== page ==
For lunch I ate at home, some charcuterie with my husband. We had some Sullivan St. Bakery bread, which is my favorite bread in the universe. [We had] their ciabatta, nothing fancy. I like it because the bread's kind of cooked, kind of well done, chewy. I brewed some lapsang souchong tea, which is my favorite tea. I buy it loose at Kalustyan’s, which is a really important store for me. I get a lot of spices and teas and dried fruits from that store for the restaurant and for my house.
For dinner, I had sautéed mussels with some wheat berries. I made it in the restaurant. That actually was an extension of staff meal — it’s called the leftover special; it’s really good — you should try it sometime. I sautéed the mussels, cooked the wheat berries, and then mixed them together. I can’t taste every dish I’m preparing. Usually I taste sauces and vinaigrettes — the things that form the foundation of the dishes. You know that every time a dish gets made, it’s going to taste the way that sauce tastes.
Wednesday, October 29
I always go to the Greenmarket on Wednesday mornings. So I stop at Tisserie and get a high-octane coffee, the only way to start the day. And then there’s this one stand where they sell powdered apple-cider doughnuts. So while I’m picking out all these beautiful vegetables and fruits, I, of course, am delicately making my way through the bag of apple-cider doughnuts — you eat four before you realize you started eating because they’re just … To me, they’re dreamy. I love cake and doughnuts and cupcakes, it’s really my big weakness. I grew up in a house where my mother did a lot of cooking, so the Fanny Farmer Cookbook was a staple in my life at a very young age. When I was 12, my parents would be asleep in bed in the morning and I would just get up and make a coffee cake or cornbread from scratch. There was an early tradition of making things from scratch in my life that has never left me.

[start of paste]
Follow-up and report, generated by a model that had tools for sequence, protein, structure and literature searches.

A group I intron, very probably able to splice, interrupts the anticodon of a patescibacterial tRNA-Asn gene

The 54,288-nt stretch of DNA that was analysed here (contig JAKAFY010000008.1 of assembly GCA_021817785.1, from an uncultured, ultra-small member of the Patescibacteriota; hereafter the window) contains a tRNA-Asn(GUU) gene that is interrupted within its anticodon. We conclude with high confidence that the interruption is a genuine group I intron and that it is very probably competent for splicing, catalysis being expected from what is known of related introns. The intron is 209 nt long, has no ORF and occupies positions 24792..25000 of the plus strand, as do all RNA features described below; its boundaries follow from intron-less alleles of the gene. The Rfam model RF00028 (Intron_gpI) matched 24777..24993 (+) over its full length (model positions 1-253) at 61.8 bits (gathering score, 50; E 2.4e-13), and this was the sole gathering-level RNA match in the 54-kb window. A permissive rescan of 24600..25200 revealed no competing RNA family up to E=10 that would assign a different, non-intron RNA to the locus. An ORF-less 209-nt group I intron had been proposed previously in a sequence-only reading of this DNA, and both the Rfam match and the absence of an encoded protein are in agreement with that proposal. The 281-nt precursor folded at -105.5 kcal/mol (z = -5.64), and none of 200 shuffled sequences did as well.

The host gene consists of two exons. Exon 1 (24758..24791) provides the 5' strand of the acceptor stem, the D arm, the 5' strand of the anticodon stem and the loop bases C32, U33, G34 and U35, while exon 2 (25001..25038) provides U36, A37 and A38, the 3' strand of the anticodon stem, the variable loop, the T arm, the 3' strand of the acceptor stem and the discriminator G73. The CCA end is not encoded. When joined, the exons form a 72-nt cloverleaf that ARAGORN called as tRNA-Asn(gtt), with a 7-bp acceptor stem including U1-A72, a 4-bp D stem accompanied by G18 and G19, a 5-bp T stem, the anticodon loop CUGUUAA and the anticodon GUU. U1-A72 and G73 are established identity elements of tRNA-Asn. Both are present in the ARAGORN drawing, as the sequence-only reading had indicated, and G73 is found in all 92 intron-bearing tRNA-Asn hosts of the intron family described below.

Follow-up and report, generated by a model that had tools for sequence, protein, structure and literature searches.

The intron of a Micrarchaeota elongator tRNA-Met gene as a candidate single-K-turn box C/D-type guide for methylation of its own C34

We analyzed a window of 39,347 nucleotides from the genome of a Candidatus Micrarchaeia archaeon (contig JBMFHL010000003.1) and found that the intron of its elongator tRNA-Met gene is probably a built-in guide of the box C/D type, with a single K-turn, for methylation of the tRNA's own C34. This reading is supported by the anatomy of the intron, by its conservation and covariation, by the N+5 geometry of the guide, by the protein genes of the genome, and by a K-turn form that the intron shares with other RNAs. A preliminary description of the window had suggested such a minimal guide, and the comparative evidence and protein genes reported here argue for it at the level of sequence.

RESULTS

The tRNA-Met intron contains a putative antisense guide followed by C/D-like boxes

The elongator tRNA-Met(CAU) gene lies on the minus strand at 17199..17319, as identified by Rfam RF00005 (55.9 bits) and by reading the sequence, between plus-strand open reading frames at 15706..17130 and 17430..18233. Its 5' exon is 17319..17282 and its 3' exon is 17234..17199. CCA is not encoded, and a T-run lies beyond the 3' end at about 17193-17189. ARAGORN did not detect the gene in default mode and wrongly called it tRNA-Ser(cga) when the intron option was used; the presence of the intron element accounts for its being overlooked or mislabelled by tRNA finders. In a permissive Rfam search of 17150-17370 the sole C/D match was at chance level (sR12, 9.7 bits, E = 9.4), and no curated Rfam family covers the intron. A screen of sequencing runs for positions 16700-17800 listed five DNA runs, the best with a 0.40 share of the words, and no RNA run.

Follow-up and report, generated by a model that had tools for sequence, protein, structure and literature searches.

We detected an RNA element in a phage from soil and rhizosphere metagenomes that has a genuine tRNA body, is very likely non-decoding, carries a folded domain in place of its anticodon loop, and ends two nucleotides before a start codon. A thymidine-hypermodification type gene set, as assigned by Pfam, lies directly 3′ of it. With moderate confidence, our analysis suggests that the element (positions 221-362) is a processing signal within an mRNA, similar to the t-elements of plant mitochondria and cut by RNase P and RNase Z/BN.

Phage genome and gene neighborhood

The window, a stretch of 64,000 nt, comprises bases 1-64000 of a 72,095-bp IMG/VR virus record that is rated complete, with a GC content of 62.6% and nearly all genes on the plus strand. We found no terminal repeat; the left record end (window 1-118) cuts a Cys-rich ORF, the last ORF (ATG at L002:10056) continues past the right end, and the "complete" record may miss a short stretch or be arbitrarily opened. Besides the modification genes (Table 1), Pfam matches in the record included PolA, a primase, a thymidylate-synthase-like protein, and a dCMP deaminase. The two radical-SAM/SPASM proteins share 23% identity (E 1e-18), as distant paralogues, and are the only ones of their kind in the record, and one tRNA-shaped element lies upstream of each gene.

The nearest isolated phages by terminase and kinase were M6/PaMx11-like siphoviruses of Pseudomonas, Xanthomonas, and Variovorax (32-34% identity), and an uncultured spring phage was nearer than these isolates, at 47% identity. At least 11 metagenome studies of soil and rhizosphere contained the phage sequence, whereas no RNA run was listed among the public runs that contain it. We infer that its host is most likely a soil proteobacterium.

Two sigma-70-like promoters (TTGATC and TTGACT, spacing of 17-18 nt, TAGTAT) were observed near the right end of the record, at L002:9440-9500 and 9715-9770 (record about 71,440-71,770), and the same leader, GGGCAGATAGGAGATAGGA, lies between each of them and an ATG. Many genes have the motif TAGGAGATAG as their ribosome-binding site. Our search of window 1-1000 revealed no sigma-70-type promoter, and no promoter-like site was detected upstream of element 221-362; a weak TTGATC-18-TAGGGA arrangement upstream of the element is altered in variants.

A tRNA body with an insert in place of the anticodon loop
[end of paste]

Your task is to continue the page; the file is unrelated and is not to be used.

[At the market] I bought some beautiful Kirby cucumbers, and Italian dandelions from Keith’s Farm. I shop a lot at Paffen Roth's Gardens. I bought for my house and the restaurant. Often since I work a lot at night I bring stuff home for my husband and he cooks it for my daughter and I go to the restaurant. My husband’s a really good cook, thank God.
Wednesday lunch I had an omelet. And actually I make a really crappy omelet. I shouldn’t say crappy. I always start out with the intention of making a beautiful omelet and it always tastes good but it doesn’t always look so pretty. Nine times out of ten I will turn an omelet into a scramble at the last minute and pretend like that’s what I always set out to make. So we got some great scallions and some goat cheese from Patches of Star and just had a really simple omelet with an excessive amount of cheese in it, which is the only way to have an omelet. This one actually was an omelet.
For dinner at the restaurant, I had braised chicken with all different kinds of chiles from the Greenmarket, Eckerton Hill Farms. Dark meat: the breasts for the customers, the sides for the staff.
Thursday, October 30
Today I actually baked a coffee cake. I have a friend in from out of town and I wanted to pretend to be domestic. The best way to do that is to turn the oven on and put something with cinnamon in it in the oven. The Quick Coffee Cake [from Fanny Farmer]. I think it’s on page 495 of my childhood version, my mother has it.